TITLE: More Visibility from the Blog
AUTHOR: Eugene Wallingford
DATE: November 09, 2005 6:54 PM
Back in March, I was
contacted by my local paper
article on local bloggers.
That was, I think, the first time that someone
outside my expected audience had contacted me
about my blog.
Last week, I was contacted by a gentleman named
Alex Gofman, who is CTO for
Moskowitz Jacobs Inc.
and is writing a book on the marketing techniques
of his company's founder, Howard Moskowitz. If
you have been reading this blog for long, you may
remember a nearly year-old article I wrote entitled
What Does the iPod have in Common
with Prego Spaghetti Sauce?,
in which I discussed some ideas on design, style,
and creativity. My thoughts there were launched
by articles I'd read from Paul Graham and Malcolm
Gladwell. The Gladwell piece had quoted Moskowitz,
and I quoted Gladwell quoting Moskowitz.
Mr. Gofman apparently had googled on Moskowitz's
name and come across my blog as a result. He was
intrigued by the connections I made between the
technique used to revive Prego and the design ideas
of Steve Jobs, Paul Graham, agile software methods,
Art and Fear.
He contacted me by e-mail to see if I was willing
to chat with him at greater depth on these ideas,
and we had a nice 45-minute conversation this morning.
It was an interesting experience talking about an
essay I wrote a year ago. First of all, I had to go
back and read the piece myself. The ideas I wrote
about then have been internalized, but I couldn't
remember anything particular I'd said then. Then,
during the interview, Mr. Gofman asked me about an
earlier blog entry I'd written on the rooster story
from Art and Fear, and I had to scroll down
Our conversation explored the edges of my thoughts,
where one can find seeming inconsistencies. For
example, the artist in the rooster story did many
iterations but showed only his final product. That
differs from what Graham and XP suggest; is it an
improvement or a step backward? Can a great designer
like Jobs create a new and masterful design out of
whole cloth, or does he need to go through a phase
of generating prototyping to develop the idea?
In the years since the Prego experience reported by
Gladwell, Moskowitz has apparently gone away from
using trained testers and toward many iterations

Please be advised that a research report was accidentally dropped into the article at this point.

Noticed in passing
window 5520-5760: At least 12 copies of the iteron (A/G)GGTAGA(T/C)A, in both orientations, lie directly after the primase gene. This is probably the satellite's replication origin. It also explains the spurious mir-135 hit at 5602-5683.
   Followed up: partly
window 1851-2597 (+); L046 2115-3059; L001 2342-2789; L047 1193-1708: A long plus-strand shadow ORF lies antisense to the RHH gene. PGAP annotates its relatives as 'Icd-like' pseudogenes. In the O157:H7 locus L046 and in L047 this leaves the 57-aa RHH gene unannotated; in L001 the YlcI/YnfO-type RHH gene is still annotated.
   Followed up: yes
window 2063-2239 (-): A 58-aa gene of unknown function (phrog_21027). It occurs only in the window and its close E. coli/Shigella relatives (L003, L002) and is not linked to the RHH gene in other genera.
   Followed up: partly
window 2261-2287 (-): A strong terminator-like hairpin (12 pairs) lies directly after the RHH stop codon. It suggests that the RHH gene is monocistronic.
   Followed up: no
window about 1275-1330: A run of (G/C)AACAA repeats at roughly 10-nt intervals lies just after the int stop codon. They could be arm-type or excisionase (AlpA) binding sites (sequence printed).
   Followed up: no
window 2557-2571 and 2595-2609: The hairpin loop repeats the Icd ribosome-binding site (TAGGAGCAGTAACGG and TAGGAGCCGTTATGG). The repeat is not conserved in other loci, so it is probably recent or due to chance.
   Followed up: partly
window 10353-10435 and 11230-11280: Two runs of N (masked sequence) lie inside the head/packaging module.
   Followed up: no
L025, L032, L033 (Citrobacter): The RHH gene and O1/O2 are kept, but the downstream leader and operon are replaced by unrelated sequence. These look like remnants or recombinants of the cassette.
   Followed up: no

with real folks. He still believes strongly in
generating many ideas -- 50, not 5 -- as a means to
explore the search space of possible products. Mr.
Gofman referred to their technique as "adaptive
experimentation". In spirit, it still sounds a lot
like what XP and other agile methods encourages.
I am reluctant to say that something can't happen.
I can imagine a visionary in the mold of Jobs whose
sense of style, taste, and the market enable him to
see new ideas for products that help people to feel
desires they didn't know they had. (And not in the
superficial impulse sense that folks associate with
modern marketing.) But I wouldn't want to stake my
future or my company on me or most anyone I know
being able to do that.
The advantage of the agile methods, of the techniques
promoted in Art and Fear, is that they give
mere mortals such as me a chance to create good products.
Small steps, continuous feedback from the user, and
constant refactoring make it possible for me to try
working software out and learn from my customers what
they really want. I may not be able to conceive the
iPod, but I can try 45 kinds of sauce to see which one
strikes the subconscious fancy of a spaghetti eater.
This approach to creating has at least two other benefits.
First, it allows me to get better at what I do. Through
practice, I hone my skills and learn my tools. Though
sheer dent of repetition and coming into contact with
many, many creations, I develop a sense of what is good,
good enough, and bad. Second, just by volume I increase
my chances of creating a masterpiece every now and then.
No one may have seen all of my scratch work, but you can
be sure that I will show off my occasional masterpiece.
(I'm still waiting to create one...)
We should keep in mind that even visionary designers like
Jobs fail, too -- whether by creating a product ahead of
its time, market- or technology-wise too soon, or by
simply being wrong. They key to a guy like Jobs is that
he keeps coming back, having learned from his experience
and trying again.
I see this mentality as essential to my work as a programmer,
as a teacher, and now as an administrator. My best bet
is to try many things, trust my "customer" (whether user,
student, or faculty colleague) enough to let them see my
work, and try to get better as I go on.
In part as a result of our conversation this morning,
Mr. Gofman -- who is a software developer trained as a
computer engineer -- decided to proposing adding a chapter
to his book dealing with software development as a domain
for adaptive experimentation. I learned that he is an XP
aficionado who understands it well enough to know that it
has limits. This chapter could be an interesting short
work on agile methods from a different angle. I look
forward to seeing what may result.
As Mr. Gofman and I chatted this morning, I kept thinking
about how fear and creativity had come up a few times at
OOPSLA this year, for example,
But I didn't have a good enough reason to tell him, "You
should read every article on my blog." :-) In any case,
I wish him luck. If you happen to read the book, be on
the look out for a quote from yours truly.